What Are SERP Features and Why Should I Care?
The search engine results page (SERP) has come a long way since it featured just “10 blue links” way back when. Over the years, search engines like Google have created many features for users to interact with on Page 1.
And this is good news for website publishers, too. More features mean different opportunities and ways to rank — but it does make it more complicated for website publishers.
In this overview, I’ll tell you what SERP features are, why they are important to SEO and how to take the first steps in learning how to optimize for them.
And, by the way, you can count on the SERP changing soon. The features are seldom constant. And, in fact, they are seldom all used at the same time, responding to user behavior, location and history.
What Are SERP Features?
A SERP feature is a type of result shown on a search engine results page.
Most people know the “10 blue links” — those are the organic listings that have been around the longest. But over the years, Google has integrated more features into the SERP.
Google integrates some results from vertical search engines (such as images from Google Images). Others are features that Google automatically generates based on the type of query, such as direct answers.
Here is a screenshot of a SERP with some — but not all — of the available SERP features:
The mix of SERP features changes from query to query. So no two SERPs are going to look the same.
Why Should I Care about SERP Features?
The SERP features that show up on Page 1 for your target keywords can help guide your SEO content creation and optimization strategy.
Remember that to compete online today, you have to be savvy in the content you produce for your keywords and how you optimize it.
Some keyword search results might be heavy on engagement objects like images or videos, while others will display blue links and ads only.
It is important to know how to optimize for the search features that show up for your target keywords so you have a better chance of ranking.
For example, if Google displays a lot of YouTube videos on the SERP for a particular keyword query, you need to understand how to create and optimize videos for YouTube to have a better chance of showing up in the mix. Similarly, if images dominate the SERP for a certain query, sharpen your image SEO skills and optimize your multimedia objects for search. If it’s just the 10 blue links, how is your on-page SEO?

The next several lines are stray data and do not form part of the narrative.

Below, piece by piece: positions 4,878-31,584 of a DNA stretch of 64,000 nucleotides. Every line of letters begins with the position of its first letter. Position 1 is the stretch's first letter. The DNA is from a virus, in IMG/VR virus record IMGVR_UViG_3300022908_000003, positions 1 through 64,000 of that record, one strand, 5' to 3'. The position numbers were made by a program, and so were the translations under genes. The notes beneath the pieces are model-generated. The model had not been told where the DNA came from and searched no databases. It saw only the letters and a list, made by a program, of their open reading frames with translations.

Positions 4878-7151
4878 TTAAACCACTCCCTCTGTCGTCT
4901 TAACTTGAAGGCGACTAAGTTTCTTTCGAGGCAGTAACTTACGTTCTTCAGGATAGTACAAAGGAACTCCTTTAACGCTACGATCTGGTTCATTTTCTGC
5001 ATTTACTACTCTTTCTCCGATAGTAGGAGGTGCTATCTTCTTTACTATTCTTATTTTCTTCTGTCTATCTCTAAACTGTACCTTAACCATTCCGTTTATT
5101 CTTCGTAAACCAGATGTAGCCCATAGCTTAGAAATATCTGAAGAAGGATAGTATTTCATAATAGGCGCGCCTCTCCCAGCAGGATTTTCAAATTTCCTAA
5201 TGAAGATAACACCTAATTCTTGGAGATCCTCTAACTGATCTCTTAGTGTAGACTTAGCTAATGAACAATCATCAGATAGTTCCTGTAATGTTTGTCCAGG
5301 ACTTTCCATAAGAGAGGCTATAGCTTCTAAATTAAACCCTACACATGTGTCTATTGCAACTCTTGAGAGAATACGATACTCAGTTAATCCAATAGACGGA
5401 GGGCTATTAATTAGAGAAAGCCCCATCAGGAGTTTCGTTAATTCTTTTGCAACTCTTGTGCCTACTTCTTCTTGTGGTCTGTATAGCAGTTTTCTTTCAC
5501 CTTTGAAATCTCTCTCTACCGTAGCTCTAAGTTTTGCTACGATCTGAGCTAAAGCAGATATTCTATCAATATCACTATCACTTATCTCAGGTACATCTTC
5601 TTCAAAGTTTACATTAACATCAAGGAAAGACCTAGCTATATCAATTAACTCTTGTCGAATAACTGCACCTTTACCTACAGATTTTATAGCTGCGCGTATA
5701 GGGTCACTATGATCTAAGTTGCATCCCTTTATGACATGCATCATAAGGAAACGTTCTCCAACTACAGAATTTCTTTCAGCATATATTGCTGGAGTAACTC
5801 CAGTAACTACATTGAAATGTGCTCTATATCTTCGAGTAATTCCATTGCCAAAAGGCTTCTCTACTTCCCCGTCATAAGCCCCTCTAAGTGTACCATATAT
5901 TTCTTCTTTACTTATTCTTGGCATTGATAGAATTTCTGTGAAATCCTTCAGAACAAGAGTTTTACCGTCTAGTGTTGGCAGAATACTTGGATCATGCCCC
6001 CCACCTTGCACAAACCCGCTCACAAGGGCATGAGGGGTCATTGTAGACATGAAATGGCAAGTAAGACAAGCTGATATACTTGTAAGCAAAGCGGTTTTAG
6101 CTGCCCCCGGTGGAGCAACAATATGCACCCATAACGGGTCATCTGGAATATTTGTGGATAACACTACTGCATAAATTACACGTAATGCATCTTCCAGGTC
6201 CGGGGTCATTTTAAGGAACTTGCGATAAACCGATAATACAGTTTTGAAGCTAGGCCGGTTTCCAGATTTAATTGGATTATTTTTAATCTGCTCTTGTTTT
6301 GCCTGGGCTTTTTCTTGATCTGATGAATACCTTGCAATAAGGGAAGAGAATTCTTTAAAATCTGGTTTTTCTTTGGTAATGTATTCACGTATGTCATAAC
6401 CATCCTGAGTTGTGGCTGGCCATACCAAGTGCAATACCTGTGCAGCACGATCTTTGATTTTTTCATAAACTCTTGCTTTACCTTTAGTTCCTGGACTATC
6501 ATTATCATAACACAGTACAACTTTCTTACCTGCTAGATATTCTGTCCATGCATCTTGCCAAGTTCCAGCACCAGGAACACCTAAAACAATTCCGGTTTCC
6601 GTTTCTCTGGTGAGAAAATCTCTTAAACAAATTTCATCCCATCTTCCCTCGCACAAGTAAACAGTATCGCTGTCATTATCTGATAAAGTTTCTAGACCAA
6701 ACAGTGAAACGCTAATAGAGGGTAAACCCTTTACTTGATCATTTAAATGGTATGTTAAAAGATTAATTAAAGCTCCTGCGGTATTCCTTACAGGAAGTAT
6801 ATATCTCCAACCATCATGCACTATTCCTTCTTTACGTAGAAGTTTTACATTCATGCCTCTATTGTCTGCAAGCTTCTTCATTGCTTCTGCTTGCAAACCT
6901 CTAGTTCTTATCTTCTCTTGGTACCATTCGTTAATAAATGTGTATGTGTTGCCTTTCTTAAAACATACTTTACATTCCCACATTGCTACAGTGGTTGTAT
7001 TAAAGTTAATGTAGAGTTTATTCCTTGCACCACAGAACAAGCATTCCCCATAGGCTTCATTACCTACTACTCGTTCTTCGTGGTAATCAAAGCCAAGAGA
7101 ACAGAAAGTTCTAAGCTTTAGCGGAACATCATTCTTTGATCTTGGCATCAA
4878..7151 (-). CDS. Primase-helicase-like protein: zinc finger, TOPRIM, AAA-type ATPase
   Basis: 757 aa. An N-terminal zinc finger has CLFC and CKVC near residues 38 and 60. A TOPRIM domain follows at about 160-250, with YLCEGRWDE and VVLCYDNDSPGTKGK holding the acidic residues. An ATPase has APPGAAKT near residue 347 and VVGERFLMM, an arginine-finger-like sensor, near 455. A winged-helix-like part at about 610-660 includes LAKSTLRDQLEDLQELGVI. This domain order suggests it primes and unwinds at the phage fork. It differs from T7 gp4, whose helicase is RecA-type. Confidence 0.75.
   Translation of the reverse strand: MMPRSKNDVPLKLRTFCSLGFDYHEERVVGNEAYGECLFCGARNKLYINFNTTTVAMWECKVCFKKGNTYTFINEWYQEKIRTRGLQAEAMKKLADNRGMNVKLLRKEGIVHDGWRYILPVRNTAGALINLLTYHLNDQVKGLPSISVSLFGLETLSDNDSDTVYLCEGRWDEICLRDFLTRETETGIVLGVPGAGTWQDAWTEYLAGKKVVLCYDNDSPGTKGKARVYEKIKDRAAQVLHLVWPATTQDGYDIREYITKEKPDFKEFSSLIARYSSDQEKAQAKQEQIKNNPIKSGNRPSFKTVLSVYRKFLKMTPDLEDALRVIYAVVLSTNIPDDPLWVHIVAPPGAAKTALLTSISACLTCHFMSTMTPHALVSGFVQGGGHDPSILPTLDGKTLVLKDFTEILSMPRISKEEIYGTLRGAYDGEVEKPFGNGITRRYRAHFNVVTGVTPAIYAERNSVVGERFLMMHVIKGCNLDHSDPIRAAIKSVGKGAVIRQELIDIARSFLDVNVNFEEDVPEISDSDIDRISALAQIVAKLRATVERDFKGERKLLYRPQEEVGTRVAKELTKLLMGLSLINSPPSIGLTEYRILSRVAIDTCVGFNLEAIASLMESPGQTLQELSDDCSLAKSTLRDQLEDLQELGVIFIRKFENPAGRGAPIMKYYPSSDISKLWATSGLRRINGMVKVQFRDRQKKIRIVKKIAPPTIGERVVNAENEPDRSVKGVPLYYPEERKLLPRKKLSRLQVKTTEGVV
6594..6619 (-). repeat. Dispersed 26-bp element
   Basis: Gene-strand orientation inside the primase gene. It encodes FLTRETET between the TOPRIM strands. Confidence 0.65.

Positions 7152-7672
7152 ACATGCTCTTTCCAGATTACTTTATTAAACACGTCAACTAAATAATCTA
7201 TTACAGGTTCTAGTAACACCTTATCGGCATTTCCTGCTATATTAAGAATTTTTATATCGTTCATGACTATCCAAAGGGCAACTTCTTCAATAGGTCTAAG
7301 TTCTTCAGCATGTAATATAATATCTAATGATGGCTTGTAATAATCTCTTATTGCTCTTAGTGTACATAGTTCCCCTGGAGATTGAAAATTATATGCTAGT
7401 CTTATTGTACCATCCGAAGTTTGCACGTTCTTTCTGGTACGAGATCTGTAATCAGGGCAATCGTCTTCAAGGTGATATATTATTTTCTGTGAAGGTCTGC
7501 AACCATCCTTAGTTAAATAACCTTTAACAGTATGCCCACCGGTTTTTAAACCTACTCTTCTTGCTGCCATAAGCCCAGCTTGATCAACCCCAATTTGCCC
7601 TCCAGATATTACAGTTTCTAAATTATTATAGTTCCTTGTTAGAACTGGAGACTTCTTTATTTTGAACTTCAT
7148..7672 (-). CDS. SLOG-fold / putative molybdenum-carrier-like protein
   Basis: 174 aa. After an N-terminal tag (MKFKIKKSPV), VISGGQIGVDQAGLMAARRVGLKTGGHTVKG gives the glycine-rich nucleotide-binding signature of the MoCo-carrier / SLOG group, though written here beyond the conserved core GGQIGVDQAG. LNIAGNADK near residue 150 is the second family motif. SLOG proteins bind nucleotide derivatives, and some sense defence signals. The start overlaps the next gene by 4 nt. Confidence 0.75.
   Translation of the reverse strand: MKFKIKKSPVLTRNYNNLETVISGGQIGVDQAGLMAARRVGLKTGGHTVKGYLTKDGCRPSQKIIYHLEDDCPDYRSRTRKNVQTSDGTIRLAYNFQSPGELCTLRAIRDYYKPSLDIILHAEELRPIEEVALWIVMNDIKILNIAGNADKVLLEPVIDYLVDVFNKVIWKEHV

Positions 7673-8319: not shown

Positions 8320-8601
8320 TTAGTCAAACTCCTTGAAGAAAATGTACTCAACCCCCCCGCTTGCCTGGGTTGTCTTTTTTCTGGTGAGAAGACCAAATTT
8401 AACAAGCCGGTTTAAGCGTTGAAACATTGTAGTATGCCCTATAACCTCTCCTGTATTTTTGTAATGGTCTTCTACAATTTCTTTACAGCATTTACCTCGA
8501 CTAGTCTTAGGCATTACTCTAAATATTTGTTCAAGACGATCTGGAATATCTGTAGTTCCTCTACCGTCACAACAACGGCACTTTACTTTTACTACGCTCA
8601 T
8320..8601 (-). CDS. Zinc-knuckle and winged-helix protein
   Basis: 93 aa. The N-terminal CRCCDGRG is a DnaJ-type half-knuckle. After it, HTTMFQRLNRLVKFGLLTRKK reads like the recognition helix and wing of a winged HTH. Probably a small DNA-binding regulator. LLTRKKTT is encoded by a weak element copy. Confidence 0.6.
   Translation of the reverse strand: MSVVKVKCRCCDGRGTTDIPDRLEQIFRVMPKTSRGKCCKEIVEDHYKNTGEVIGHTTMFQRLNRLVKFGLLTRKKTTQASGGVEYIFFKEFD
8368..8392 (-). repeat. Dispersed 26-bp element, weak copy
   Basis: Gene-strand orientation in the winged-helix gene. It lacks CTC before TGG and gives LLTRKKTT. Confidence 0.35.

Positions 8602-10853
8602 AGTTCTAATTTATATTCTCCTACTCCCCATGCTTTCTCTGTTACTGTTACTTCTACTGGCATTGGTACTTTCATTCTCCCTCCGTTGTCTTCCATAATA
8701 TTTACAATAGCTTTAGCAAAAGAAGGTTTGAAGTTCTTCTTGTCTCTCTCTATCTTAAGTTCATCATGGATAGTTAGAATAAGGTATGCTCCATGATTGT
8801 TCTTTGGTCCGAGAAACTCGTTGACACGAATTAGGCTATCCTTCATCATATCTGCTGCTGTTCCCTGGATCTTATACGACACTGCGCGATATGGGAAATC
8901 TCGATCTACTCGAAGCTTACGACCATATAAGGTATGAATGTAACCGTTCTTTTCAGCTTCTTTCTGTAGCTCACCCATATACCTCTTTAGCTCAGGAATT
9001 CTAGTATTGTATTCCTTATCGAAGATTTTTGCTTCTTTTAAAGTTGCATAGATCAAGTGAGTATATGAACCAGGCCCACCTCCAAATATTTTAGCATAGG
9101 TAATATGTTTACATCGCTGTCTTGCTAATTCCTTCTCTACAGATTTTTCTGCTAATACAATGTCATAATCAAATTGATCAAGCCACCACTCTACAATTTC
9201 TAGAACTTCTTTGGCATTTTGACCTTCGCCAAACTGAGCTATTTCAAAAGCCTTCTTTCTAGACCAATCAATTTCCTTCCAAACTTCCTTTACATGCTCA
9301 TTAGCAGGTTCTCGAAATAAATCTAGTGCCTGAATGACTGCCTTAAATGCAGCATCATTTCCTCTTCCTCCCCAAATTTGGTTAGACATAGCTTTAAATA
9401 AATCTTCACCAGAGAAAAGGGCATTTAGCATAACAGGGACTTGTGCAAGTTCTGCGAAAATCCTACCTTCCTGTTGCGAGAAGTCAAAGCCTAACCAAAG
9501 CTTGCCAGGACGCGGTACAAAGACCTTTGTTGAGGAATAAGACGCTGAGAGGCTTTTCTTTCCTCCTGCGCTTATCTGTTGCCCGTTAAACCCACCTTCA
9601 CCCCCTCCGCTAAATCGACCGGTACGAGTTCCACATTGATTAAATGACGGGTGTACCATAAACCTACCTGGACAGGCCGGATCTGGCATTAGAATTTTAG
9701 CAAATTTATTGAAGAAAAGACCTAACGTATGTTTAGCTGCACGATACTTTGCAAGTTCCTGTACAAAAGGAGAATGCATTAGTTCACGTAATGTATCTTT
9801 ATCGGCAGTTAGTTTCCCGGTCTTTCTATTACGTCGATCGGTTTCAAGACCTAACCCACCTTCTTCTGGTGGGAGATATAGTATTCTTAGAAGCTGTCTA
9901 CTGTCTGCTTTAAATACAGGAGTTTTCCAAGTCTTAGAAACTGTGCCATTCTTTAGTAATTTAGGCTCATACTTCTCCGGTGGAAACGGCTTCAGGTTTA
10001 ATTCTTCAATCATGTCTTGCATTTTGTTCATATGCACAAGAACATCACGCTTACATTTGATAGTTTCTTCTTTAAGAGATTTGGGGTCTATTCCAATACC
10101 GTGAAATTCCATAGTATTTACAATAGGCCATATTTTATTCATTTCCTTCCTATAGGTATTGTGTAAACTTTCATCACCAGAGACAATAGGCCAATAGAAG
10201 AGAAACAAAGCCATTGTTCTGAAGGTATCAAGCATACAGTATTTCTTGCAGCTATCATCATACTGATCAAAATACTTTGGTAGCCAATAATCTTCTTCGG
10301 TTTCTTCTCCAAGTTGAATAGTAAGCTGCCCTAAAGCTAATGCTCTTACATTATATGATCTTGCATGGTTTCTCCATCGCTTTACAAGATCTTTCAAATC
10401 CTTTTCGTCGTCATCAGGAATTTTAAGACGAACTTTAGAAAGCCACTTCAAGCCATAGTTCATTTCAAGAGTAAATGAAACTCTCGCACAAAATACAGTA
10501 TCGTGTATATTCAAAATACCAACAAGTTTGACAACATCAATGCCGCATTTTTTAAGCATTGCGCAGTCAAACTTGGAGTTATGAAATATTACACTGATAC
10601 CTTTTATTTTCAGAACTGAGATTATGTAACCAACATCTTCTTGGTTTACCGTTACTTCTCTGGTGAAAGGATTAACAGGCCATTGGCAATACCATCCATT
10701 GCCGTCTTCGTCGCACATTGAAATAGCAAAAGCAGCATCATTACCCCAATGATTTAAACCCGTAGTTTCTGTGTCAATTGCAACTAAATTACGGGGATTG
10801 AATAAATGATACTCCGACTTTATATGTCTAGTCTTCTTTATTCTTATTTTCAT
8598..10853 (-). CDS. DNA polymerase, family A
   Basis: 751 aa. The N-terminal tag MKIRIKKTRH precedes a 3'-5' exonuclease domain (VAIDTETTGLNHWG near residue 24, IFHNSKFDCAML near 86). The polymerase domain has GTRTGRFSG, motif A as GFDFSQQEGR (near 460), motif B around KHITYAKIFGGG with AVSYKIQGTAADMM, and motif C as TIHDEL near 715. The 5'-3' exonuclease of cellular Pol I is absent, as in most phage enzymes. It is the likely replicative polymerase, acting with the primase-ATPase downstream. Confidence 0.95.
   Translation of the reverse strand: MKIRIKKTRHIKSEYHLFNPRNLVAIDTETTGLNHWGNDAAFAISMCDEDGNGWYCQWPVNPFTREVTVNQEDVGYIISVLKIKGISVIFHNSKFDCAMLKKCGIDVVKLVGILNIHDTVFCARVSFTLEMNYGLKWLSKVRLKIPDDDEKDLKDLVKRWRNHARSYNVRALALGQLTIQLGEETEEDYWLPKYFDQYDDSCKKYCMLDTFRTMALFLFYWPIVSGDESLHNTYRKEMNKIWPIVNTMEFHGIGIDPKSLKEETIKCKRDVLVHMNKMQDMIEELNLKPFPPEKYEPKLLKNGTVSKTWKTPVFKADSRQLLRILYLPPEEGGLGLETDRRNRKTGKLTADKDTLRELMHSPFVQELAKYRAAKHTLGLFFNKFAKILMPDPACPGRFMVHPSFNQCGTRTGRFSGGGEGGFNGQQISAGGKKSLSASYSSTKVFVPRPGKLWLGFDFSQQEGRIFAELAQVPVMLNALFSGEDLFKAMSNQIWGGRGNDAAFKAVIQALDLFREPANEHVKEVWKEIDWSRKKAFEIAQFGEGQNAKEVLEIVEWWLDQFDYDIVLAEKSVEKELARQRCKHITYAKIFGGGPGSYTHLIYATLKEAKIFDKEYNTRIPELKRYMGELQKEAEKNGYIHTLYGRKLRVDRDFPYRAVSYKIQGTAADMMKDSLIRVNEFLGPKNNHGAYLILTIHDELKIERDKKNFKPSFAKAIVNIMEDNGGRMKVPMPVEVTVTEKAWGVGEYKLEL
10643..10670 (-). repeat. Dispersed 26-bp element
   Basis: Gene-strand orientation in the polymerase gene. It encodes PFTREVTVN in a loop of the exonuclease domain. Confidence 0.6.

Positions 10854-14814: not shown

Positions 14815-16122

How to Get SERP Features
There are many search features that you can optimize for and some that you can’t.
For example, you can optimize your content for a chance to rank as a featured snippet (aka “position zero”). You can’t, however, optimize your content to compete against Google’s answer box (direct answers, like a calorie counter that shows up in the SERP).
Other SERP features are automatically generated, too, like sitelinks. Sitelinks appear as part of a website’s search result listing and are links to other webpages within the website. Website publishers cannot directly control their sitelinks but can do so indirectly. Read our Best Practices for Google Sitelinks for details.
First, it is useful to get to know the common types of SERP features to see what you are dealing with. I recommend reading our Quick Reference Guide to Common Google SERP Features.
Once you have a grasp on common search features, you’ll be able to identify which show up in your targeted SERPs. Then your next step is to understand how to optimize for them.
You can enable a lot of these features by using structured data.
Google has a handy help file that goes over how to enable search results features for your site. In it, Google covers:
- General categories of search results
- What SERP features are best for a page or website
- How to enable SERP features for your website
- Measure the performance of SERP features
SEO gets more complex by the minute. Every time search engines like Google introduce new SERP features, we need to understand how to create content for them and then optimize for them.
Studying the SERP features that show up for the keywords we are after is part of a whole-SERP strategy. It helps give us a solid roadmap for how to compete in the organic search results.